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BWW Review: NEXT STOP: NORTH KOREA Offers a Journey Like No Other


BWW Review: NEXT STOP: NORTH KOREA Offers a Journey Like No Other

It's somewhat rare in the DC theater scene to have the opportunity to see a show that transcends the line between my two worlds - international affairs/national security "stuff" and theater - written and performed by someone who also exists in both worlds. I first discovered John Feffer during the Capital Fringe Festival a few years back when I raved about his play, The Politician. This time, he personally takes us to a place that may be quite unfamiliar to even many of DC's best foreign policy and national security junkies with Next Stop: North Korea, ably directed by Angela Kay Pirko.

It's present day. A Scottish representative of Gonzo Tours meets his newest group of intrepid travelers to North Korea in Beijing, China. He can't emphasize the need to follow rules enough, sharing a story about an American college student who may have (or may not have) taken a propaganda poster to emphasize his point. Staying with the group is imperative as is showing respect to the Leader.

Flash back to 1998. John Feffer is making his own trip to the mysterious land eager to establish an exchange program. The trip does not go exactly how he'd prefer it. There's a famine yet he is treated to a banquet and urged to eat more. The itinerary is carefully planned and there is virtually no room for flexibility (save for a somewhat impromptu visit to an architectural institute) and certainly no opportunities to engage in dialogue (frank or otherwise) with the locals. His minder Mr. Kim may have spent time in New York and discovered the wonders that are pastrami sandwiches and American music, but he's very much a model representative of the government and what it values.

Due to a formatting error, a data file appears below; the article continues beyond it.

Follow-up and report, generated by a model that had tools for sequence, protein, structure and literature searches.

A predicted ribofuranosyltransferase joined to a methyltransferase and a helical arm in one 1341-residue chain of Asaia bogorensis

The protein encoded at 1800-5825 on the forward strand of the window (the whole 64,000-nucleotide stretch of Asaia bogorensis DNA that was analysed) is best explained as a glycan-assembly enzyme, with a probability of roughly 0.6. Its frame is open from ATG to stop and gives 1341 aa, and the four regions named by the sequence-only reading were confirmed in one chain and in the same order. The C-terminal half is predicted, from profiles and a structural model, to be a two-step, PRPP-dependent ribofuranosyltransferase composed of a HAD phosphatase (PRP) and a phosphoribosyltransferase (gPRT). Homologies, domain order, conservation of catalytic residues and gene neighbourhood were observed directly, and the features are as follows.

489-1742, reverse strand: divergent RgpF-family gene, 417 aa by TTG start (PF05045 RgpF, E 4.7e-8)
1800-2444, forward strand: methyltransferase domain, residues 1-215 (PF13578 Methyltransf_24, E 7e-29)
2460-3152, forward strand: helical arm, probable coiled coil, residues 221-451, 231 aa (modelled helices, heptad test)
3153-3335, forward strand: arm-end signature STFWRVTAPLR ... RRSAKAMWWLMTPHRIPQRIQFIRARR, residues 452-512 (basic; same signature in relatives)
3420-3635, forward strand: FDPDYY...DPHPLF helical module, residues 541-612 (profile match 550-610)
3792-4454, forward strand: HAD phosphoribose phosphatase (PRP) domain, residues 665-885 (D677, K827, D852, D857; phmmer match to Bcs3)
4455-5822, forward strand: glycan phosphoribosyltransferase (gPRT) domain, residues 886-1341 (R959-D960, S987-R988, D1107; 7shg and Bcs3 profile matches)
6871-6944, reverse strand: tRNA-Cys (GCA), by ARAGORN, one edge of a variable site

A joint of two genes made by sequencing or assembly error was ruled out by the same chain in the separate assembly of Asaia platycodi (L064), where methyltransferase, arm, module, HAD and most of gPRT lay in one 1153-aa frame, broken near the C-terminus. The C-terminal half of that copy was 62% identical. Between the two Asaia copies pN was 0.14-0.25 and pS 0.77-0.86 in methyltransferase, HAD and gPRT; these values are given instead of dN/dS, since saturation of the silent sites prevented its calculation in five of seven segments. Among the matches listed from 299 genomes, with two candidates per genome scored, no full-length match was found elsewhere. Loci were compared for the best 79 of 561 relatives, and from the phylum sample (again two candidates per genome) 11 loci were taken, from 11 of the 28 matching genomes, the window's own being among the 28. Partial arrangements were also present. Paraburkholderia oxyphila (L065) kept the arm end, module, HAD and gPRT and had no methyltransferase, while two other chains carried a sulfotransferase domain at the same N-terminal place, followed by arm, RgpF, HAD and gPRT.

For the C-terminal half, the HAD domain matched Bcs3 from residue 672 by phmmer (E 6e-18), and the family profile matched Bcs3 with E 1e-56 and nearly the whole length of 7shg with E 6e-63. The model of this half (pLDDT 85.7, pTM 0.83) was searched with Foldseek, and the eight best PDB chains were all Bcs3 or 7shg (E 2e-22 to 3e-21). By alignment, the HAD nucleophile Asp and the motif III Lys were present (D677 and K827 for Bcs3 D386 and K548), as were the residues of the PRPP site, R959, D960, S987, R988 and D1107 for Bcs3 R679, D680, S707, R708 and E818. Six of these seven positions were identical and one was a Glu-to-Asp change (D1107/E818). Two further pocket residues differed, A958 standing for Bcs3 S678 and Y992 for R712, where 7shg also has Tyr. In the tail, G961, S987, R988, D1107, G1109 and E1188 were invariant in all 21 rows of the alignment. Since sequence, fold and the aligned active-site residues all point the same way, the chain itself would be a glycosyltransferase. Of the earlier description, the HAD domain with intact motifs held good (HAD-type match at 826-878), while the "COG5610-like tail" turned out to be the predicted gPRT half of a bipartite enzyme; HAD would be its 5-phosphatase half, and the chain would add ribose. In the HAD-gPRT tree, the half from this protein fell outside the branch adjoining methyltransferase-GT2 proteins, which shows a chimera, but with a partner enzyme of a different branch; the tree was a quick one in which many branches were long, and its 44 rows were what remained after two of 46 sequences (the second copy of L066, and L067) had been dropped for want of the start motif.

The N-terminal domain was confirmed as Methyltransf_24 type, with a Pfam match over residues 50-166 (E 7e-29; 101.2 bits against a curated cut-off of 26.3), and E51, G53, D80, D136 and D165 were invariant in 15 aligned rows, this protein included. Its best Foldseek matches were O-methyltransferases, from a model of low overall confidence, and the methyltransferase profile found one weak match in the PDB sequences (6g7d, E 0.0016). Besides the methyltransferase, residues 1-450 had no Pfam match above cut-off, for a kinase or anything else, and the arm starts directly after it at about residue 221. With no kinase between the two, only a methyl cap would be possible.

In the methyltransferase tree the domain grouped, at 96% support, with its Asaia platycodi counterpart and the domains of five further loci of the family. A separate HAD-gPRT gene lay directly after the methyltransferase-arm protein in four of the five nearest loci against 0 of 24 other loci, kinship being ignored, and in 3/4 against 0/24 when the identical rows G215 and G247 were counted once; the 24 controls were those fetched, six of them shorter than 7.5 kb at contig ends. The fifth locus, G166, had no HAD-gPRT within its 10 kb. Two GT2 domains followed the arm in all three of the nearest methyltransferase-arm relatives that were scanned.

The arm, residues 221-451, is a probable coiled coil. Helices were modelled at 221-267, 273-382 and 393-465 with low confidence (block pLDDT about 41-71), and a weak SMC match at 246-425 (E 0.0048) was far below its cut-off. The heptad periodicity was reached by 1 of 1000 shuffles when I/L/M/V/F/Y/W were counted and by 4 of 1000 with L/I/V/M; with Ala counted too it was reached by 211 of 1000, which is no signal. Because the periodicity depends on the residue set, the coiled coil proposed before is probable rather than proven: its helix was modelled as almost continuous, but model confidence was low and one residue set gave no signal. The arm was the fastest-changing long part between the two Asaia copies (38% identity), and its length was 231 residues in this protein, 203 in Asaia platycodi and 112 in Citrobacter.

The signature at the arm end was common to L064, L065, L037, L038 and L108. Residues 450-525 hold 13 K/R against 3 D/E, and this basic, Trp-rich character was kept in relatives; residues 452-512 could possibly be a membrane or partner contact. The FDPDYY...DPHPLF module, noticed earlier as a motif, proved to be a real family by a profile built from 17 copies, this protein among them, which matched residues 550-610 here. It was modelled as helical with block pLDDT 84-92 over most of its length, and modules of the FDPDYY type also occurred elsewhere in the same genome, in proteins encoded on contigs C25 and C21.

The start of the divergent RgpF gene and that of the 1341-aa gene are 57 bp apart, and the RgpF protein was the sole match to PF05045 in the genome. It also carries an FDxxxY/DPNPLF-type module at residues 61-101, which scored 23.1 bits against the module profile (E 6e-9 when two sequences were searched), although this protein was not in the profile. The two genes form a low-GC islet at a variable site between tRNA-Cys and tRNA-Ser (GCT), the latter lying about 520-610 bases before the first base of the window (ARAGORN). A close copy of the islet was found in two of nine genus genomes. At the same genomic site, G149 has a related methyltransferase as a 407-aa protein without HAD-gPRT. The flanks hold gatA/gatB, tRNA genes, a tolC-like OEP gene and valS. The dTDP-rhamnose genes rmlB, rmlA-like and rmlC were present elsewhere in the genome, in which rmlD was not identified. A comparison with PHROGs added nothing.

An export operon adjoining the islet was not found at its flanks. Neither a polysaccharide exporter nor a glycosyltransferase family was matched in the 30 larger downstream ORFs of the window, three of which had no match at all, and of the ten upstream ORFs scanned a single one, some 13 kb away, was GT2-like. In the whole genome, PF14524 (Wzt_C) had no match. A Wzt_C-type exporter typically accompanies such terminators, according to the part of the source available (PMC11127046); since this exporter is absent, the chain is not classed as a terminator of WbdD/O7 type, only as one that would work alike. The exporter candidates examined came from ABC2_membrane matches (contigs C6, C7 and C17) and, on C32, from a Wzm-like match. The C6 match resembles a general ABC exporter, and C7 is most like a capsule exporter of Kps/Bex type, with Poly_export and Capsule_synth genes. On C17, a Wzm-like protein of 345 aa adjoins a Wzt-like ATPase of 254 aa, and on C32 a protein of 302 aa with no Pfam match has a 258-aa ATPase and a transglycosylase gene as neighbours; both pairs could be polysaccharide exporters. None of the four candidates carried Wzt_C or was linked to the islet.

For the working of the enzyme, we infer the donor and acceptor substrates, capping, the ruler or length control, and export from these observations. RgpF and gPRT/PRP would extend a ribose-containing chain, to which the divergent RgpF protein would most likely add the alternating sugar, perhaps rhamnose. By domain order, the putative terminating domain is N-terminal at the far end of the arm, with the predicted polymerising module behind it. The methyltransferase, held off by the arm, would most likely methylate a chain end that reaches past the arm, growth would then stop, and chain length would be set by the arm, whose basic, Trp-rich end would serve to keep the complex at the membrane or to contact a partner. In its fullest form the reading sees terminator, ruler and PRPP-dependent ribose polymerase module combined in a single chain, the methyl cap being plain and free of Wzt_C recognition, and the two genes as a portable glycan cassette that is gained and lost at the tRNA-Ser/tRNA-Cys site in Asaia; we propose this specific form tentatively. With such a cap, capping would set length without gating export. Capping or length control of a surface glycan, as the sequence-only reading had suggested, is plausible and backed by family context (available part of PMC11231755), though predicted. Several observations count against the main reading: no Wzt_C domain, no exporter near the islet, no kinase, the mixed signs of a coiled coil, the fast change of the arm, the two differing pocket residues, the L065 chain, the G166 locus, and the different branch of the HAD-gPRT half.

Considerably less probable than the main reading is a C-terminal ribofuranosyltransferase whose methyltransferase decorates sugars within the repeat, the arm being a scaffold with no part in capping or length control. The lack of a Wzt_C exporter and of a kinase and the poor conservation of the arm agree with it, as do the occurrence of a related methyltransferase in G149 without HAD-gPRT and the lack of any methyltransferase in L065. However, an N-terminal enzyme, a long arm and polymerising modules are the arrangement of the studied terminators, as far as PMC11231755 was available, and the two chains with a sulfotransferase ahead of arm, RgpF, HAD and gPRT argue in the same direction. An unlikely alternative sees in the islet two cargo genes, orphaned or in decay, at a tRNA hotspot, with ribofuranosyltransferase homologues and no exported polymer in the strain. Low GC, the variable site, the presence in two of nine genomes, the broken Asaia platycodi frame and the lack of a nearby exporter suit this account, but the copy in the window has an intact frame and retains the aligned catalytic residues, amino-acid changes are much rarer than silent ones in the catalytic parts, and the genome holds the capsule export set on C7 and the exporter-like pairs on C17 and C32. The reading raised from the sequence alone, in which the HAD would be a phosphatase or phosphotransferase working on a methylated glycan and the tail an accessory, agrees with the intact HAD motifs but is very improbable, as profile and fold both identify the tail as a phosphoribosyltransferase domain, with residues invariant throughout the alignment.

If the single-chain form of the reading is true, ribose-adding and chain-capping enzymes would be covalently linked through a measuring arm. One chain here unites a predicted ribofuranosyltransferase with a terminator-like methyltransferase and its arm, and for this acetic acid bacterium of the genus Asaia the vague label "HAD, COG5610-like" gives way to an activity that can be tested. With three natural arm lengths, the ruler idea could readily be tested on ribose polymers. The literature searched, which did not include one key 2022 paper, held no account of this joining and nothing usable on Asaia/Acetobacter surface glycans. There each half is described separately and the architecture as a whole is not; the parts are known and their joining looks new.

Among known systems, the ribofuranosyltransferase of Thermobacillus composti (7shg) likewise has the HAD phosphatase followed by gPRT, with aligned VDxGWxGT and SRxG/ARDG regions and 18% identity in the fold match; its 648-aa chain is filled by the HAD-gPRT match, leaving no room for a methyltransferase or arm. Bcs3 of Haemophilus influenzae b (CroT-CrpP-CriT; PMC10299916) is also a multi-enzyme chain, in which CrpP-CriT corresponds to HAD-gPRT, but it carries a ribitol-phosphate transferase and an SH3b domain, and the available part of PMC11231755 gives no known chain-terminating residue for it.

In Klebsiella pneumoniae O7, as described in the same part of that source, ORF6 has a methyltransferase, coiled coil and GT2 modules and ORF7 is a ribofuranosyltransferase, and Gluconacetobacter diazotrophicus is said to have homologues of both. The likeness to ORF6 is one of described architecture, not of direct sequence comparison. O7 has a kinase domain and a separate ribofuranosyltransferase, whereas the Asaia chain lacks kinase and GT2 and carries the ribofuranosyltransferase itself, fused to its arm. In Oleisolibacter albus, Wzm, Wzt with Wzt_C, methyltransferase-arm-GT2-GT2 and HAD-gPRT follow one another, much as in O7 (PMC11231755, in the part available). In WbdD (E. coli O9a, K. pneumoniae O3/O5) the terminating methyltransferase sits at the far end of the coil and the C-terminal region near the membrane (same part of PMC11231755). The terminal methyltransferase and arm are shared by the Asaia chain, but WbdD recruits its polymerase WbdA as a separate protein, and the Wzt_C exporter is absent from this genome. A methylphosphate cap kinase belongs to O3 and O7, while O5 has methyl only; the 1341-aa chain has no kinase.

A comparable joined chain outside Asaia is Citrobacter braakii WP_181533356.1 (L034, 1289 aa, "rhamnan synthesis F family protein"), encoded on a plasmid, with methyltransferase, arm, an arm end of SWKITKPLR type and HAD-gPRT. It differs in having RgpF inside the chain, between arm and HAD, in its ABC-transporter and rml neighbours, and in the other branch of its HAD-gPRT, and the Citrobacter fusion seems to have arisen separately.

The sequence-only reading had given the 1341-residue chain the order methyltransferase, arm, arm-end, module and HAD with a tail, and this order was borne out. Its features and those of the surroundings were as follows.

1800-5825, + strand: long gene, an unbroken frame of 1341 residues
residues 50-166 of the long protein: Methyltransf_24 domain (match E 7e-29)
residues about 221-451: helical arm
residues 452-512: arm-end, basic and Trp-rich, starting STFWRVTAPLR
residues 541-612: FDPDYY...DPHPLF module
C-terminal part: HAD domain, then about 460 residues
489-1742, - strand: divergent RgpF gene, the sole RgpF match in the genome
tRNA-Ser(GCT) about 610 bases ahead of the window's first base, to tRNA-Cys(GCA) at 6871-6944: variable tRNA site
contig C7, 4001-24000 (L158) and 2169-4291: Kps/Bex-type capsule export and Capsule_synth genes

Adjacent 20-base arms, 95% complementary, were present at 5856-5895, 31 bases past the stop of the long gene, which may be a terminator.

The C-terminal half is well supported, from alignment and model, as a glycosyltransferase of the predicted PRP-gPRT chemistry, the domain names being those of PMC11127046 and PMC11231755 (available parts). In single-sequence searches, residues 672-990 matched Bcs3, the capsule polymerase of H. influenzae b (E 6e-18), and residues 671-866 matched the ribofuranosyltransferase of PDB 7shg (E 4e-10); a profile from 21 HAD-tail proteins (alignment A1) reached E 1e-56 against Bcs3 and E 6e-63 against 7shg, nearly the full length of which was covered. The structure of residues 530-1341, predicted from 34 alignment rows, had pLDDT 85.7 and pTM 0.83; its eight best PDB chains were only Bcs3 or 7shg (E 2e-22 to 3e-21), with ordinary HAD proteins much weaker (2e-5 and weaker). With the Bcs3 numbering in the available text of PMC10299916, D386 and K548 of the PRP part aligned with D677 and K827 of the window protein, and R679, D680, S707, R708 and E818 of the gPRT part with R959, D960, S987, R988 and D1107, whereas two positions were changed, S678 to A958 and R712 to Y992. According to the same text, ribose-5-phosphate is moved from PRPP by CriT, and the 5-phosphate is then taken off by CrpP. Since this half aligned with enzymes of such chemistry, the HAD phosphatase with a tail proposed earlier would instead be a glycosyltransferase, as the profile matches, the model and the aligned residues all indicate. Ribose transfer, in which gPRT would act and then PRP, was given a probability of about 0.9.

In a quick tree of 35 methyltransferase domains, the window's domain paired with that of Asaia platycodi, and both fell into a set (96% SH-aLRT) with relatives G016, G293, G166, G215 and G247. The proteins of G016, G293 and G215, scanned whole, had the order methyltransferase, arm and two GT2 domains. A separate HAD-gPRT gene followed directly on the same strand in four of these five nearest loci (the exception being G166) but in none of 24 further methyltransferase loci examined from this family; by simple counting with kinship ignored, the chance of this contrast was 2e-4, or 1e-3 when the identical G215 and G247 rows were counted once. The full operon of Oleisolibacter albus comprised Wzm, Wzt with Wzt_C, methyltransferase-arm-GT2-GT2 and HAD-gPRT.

In a series of vignettes, supported by personal photos projected on a screen, we experience Feffer's travel throughout the country and are introduced to some of the people he met along the way (e.g. a driver, an architect...), what they value, and how they see the world. Prior to his travel, juche (essentially self-reliance) was just an ideology he read about in books - something the "other" holds near and dear to his heart. Throughout the course of his exploration, he learns more about what he values as a person (so American, right?) and assesses the extent to which his own values differ or align with those of the Korean people he meets and his fellow Americans. He shares his struggle with operating how he is most comfortable in a such a unique environment. Compromise, he learns, is a must, but doing so is easier said than done.

Feffer is a brilliantly descriptive writer adept at fleshing out the details of people and the situations they encounter. His selection of vignettes, while varied, collectively shed light on the North Korea culture - albeit seen through the light of an American who, like all of us, has some pretty tightly held beliefs - and contribute equally to making the point that it's really hard to do good in such a morally confusing environment.

If I were to offer one or two criticisms it would be the transitions from scene to scene (or vignette to vignette) and some of the acting.

The transitions - at least at the performance I attended - were interminable. The lights go to black as Feffer nearly endlessly adjusts or puts on a costume piece or two. Little to no attempt is made to use sound elements to keep the audience in the moment during these transitions. Perhaps if this show is to have a future life, he might bring on a technical expert to help him use sound, light, and projection elements cohesively to the utmost advantage. (Kaitlyn E.M. Sapp is credited with the sound, which does provide ambience at a few points in the show.)

Likewise, understandably, John Feffer is most at ease playing himself - although he also does a pretty good job playing the Scottish tour guide (complete with a somewhat believable accent). While he is undoubtedly a brilliant playwright capable of retaining the audience's interest with words alone, I wondered how much stronger the performance would have been if he had cast another actor in the show or at least used one to portray everyone other than himself. It's not a bad performance by any means though.

All told though this production is unique and deserves to be seen.

Running Time: 75 minutes with no intermission

NEXT STOP: NORTH KOREA plays through March 24, 2019 at the DC Arts Center (2438 18 Street, NW in Washington, DC). Tickets can be purchased here:

Graphic: Courtesy of show page on the DC Arts Center website.

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